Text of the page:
In the early 80s, “The Arrival,” an elaborate, seemingly high budget film about the Space Brothers showing up in the year 2001 was produced by the group, allegedly with the help of someone who worked for George Lucas doing special effects on the Star Wars films.

In the early 80s, certain members of the cult began to take an interest in making a cable access television program promoting the group’s beliefs: “Everything is energy.” “You, as a form of indestructible energy, possess a soul that has recorded data from past lives.” “All happenings to you currently have their origins in past lives and past actions.” “Negative acts must be compensated for by positive acts.” And best of all, Asians are Martians and vice versa (Unarians are not racists, this is seen as a good thing, i.e. proof that the aliens have been here for millennia!). The “star” of these programs, naturally was Uriel/Ruth Norman, who took to wearing clothing that would make Liberace blush, often made with Christmas tree lights that needed to be plugged in, thereby awkwardly limiting her mobility!

Some of the shows would just be Uriel talking to her followers and others would be like super low budget “psychodramas”—think Kuchar Brothers, early John Waters, Andy Milligan, etc.
 

 
These “psychodramas” were unfuckingbelievable, featuring full outer space costumes, zany make-up and and batshit crazy scenarios. For instance, Uriel might decide that a certain Unarian had been a murderous space captain or an evil sea serpent in a past life. So the group would do these semi-improvised and somewhat elaborate plays, that were designed to “drastically relive” these past lives, so that the Unarian follower would be freed from their karma (more or less). In the one with the sea serpent, they literally videotaped it next to a swimming pool and several people got into a crappy aquatic dragon suit fashioned from floating pool furniture and inner tubes and swam around as the rest of them held a trial and passed judgement on the “creature.” A lot of their psychodramas had a “trial by jury” aspect to them. Holy shit were they tweaked.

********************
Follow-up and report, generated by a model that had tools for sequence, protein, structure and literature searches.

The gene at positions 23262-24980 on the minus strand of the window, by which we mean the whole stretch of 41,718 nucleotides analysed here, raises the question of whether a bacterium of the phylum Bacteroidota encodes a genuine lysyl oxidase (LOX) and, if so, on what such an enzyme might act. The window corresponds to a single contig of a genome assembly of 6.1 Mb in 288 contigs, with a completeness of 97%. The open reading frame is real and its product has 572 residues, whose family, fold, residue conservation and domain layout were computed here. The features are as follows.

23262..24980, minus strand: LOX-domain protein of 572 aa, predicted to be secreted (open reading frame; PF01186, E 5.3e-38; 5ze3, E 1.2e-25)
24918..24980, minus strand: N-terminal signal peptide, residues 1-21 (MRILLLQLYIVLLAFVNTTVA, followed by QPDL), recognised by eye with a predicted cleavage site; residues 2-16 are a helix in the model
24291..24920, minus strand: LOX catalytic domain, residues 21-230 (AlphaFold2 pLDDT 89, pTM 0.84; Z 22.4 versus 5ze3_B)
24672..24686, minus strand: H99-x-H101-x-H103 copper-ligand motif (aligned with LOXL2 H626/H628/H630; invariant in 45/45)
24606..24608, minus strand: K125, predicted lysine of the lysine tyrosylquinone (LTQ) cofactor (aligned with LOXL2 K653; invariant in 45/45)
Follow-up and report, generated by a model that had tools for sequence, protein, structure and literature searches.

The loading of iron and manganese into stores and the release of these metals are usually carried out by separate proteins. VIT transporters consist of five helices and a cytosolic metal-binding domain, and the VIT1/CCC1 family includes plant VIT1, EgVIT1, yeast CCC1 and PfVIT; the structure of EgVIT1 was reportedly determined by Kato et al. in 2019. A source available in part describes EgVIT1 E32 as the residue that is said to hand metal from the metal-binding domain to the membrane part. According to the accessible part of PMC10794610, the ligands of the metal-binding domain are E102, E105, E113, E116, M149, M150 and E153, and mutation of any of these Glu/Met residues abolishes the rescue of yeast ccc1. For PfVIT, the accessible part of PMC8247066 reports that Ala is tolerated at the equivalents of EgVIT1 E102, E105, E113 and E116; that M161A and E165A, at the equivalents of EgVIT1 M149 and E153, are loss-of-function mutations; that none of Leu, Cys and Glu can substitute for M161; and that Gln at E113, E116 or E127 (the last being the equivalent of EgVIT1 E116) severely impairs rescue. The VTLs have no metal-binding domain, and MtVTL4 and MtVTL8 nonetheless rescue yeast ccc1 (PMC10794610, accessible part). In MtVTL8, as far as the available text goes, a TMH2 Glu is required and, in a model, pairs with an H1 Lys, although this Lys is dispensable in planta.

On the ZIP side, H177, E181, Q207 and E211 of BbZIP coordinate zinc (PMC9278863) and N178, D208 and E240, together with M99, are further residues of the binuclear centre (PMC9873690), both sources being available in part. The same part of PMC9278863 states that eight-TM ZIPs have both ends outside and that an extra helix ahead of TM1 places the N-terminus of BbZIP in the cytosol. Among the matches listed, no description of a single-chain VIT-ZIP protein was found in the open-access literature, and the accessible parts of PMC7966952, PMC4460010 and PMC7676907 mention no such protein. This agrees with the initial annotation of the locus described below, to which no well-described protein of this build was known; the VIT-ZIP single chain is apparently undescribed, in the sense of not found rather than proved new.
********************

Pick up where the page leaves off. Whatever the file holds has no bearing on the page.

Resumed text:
These programs made it as far as New York’s cable access weirdo home, Channel J. I used to have dozens of them on tape (which were tragically all stolen, along with the camera originals of the shoot with Biafra, from a car parked inside the old Playboy building in Beverly Hills. Who would steal goddamned hand-labeled tapes?)
 

 
Biafra and I never did get to meet Ruth Norman herself, her health didn’t permit it, but he did speak to her on camera via a speakerphone. The next morning, in their parking lot, we shot their Interplanetary Confederation Day, where far fewer than 33 Unarians marched around in a circle with fewer than 33 banners representing the (hilariously named) 33 planets who were supposed to supply all 33,000 of the Space Brothers who would arrive here in 2001. A tin spaceship contained 33 doves who were supposed to spill out into the sky at the ceremony’s climax, but they didn’t figure on it being as hot as it was on the day and most of the birds could barely dribble out of the thing. Some probably fried inside as the fully-costumed Unarians marched around their parking lot to the amusement of the folks, like myself, who were there to gawk at them in amazement. Spectacular it wasn’t, but you had to admire their commitment in the face of mainly disinterest, secondarily people driving by and shouting insulting things at them the whole time and that it was boiling hot that day and they were all in their layered interplanetary garb.